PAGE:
It’s Time the Law Begins to Protect Consumers from Significantly One-Sided Arbitration Clauses within Contracts of Adhesion
Posted: 14 Mar 2012 Last revised: 14 May 2014
Date Written: March 13, 2012
To pretend that arbitration has not evolved into differing animals of the same species is to not fully appreciate the nuances that exist within the system. To date, most of the US cases surrounding arbitration agreements and enforcement are resolved within and under the Federal Arbitration Act. While this makes sense in many instances, the simple fact is that arbitration has grown – with the support of the courts- into areas of law and life never intended by the drafters of the FAA. Pretending that the FAA provides adequate protections for parties in a significantly weaker bargaining position when faced with a contract of adhesion is to demonstrate a lack of understanding to the realities that these situations present. The American public, a section of Congress and the arbitration community are all responding, but their efforts are being thwarted by out of date law and surrounding recent case decisions. It is simply time for Congress to act, but in doing so Congress must recognize that old biases will not move the discussion forward. Congress must seek to address the issue, without over capturing other individuals and other areas of arbitration, while still rejecting the tendency to over regulate. Recognition of these facts will allow Congress to draft a narrowly focused, minimally regulatory law that cuts to the heart of the issue: the protection of a specific group of weaker parties entering into contracts of adhesion that contain arbitration clauses, when the arbitration clause is significantly one sided.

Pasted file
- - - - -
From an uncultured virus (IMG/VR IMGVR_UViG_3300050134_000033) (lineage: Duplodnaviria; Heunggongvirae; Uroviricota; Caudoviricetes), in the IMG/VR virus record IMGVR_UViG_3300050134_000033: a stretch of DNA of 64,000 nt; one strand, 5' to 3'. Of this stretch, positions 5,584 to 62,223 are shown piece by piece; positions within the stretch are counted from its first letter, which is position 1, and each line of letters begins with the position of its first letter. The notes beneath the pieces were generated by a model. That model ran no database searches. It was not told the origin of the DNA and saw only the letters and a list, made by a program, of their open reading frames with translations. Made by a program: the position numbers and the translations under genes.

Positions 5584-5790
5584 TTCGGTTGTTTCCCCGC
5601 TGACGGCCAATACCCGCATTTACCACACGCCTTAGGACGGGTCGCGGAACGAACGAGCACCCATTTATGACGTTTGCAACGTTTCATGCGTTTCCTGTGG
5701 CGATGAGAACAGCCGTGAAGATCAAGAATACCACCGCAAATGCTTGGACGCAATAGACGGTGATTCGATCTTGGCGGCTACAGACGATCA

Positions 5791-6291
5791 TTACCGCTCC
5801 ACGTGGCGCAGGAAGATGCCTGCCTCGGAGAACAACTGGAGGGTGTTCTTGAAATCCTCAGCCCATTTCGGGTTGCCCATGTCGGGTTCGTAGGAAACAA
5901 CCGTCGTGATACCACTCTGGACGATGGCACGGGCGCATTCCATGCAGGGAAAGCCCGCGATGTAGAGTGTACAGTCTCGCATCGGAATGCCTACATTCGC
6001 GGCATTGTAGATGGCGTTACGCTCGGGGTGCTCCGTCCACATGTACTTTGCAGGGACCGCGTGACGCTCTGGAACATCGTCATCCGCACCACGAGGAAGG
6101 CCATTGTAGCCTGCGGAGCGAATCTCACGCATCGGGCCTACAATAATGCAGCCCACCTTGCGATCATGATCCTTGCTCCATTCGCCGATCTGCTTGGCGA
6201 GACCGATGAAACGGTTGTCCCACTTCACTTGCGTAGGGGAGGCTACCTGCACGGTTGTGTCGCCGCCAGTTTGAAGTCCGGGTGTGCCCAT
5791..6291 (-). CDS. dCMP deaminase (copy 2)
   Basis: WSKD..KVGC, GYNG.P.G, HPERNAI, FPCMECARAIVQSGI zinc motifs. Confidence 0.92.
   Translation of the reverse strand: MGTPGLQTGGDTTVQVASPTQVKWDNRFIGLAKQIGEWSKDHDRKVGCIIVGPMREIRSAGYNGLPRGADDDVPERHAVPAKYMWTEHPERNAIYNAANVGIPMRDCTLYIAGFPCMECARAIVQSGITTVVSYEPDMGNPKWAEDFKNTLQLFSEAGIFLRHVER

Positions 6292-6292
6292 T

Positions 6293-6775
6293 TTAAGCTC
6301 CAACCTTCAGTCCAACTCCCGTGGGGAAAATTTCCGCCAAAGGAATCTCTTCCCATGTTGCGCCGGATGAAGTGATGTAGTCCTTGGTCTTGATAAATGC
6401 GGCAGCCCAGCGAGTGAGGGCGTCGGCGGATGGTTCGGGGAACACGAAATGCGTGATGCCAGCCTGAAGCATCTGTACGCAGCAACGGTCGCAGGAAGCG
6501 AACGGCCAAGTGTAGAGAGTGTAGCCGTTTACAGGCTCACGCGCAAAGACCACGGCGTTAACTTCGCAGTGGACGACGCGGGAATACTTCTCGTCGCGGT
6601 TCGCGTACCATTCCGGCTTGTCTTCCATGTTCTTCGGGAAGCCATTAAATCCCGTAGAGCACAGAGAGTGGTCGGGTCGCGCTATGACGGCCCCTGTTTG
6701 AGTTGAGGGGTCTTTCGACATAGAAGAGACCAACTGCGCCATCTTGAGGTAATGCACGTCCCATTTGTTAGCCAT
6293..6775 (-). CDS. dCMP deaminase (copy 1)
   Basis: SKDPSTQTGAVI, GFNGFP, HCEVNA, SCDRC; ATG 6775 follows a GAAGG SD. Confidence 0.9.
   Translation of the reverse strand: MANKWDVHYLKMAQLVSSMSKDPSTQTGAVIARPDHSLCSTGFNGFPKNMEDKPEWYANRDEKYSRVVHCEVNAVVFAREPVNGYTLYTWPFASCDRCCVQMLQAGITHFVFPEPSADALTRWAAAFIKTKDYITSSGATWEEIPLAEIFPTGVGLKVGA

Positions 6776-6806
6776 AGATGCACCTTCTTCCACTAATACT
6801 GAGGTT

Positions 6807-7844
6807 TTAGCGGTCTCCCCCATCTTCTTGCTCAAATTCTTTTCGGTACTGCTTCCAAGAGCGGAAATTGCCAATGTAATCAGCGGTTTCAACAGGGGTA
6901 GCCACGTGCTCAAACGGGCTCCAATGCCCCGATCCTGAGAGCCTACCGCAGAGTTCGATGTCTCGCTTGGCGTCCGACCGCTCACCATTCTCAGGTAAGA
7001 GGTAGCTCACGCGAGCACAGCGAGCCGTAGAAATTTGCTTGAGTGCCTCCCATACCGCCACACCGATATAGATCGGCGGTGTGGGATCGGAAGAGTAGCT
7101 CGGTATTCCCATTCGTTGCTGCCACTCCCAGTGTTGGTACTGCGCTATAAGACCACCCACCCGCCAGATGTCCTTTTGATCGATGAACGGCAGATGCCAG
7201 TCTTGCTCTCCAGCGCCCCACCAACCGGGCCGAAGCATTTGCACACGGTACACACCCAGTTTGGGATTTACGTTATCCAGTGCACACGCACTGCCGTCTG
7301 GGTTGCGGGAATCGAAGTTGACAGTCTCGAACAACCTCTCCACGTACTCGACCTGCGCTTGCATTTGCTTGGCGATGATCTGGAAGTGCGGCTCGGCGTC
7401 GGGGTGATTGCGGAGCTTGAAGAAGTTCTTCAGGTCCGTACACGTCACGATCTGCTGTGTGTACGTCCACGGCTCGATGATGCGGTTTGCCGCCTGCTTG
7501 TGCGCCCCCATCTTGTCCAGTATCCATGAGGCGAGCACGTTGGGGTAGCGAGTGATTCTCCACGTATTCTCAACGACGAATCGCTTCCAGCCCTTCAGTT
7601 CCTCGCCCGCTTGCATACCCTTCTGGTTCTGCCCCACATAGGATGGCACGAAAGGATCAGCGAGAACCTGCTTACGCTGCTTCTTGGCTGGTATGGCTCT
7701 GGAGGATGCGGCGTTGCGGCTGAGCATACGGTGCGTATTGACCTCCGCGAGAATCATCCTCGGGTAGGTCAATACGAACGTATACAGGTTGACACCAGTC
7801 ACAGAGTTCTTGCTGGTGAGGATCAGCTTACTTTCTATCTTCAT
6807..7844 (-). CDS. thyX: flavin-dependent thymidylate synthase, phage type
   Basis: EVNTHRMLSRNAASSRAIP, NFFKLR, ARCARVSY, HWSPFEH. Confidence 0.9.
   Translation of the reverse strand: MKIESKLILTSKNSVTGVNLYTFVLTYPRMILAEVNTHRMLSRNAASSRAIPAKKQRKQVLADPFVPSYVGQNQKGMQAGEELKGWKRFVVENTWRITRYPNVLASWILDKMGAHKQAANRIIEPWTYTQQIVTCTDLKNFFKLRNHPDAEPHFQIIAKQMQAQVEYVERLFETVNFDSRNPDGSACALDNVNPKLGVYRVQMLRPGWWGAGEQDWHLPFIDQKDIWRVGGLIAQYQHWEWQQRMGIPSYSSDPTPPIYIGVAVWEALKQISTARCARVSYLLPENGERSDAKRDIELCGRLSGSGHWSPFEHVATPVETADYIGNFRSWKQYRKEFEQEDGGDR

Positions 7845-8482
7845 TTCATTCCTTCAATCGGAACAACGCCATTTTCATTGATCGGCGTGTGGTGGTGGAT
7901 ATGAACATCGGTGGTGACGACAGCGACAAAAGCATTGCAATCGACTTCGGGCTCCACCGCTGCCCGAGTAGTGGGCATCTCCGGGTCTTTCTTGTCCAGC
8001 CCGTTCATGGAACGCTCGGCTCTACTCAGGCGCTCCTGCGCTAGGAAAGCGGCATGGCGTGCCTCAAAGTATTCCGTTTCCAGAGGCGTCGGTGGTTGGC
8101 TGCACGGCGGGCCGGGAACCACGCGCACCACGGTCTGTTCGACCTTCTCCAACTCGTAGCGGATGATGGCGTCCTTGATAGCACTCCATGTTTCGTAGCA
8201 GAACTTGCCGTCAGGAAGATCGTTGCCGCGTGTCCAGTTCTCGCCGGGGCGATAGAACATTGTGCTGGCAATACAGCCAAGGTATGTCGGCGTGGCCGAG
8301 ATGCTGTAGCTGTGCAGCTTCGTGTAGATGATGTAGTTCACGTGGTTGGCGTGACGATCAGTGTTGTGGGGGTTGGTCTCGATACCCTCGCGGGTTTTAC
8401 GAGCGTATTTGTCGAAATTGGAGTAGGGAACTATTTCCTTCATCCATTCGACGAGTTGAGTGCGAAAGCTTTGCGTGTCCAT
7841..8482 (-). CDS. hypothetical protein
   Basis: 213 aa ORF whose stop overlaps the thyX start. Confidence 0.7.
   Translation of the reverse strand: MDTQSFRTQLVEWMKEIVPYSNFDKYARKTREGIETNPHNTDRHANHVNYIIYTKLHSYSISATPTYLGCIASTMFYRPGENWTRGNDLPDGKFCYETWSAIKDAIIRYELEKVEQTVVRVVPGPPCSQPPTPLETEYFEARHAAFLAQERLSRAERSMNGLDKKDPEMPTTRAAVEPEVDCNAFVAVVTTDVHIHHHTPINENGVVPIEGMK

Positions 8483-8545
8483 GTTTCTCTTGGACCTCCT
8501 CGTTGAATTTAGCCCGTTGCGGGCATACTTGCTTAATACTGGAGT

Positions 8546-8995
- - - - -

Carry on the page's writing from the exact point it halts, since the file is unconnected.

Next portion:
This paper will seek to address these issues by first, identifying the issues in relation to the Federal Arbitration Act, the surrounding case law and the alternative readings of Section 2 of the FAA. The paper will then examine and reject some of the early attempts at addressing those issues, while then considering current attempts by both academics and industry to address the issue of contracts of adhesion and arbitration clauses. The paper will conclude, in Part II, by considering who should be protected, identifying what they should be protected from and how those protections can be accomplished. In the end suggesting that Congress must seek to protect a narrow class of individuals from significantly disadvantageous arbitration clauses within contracts of adhesion.
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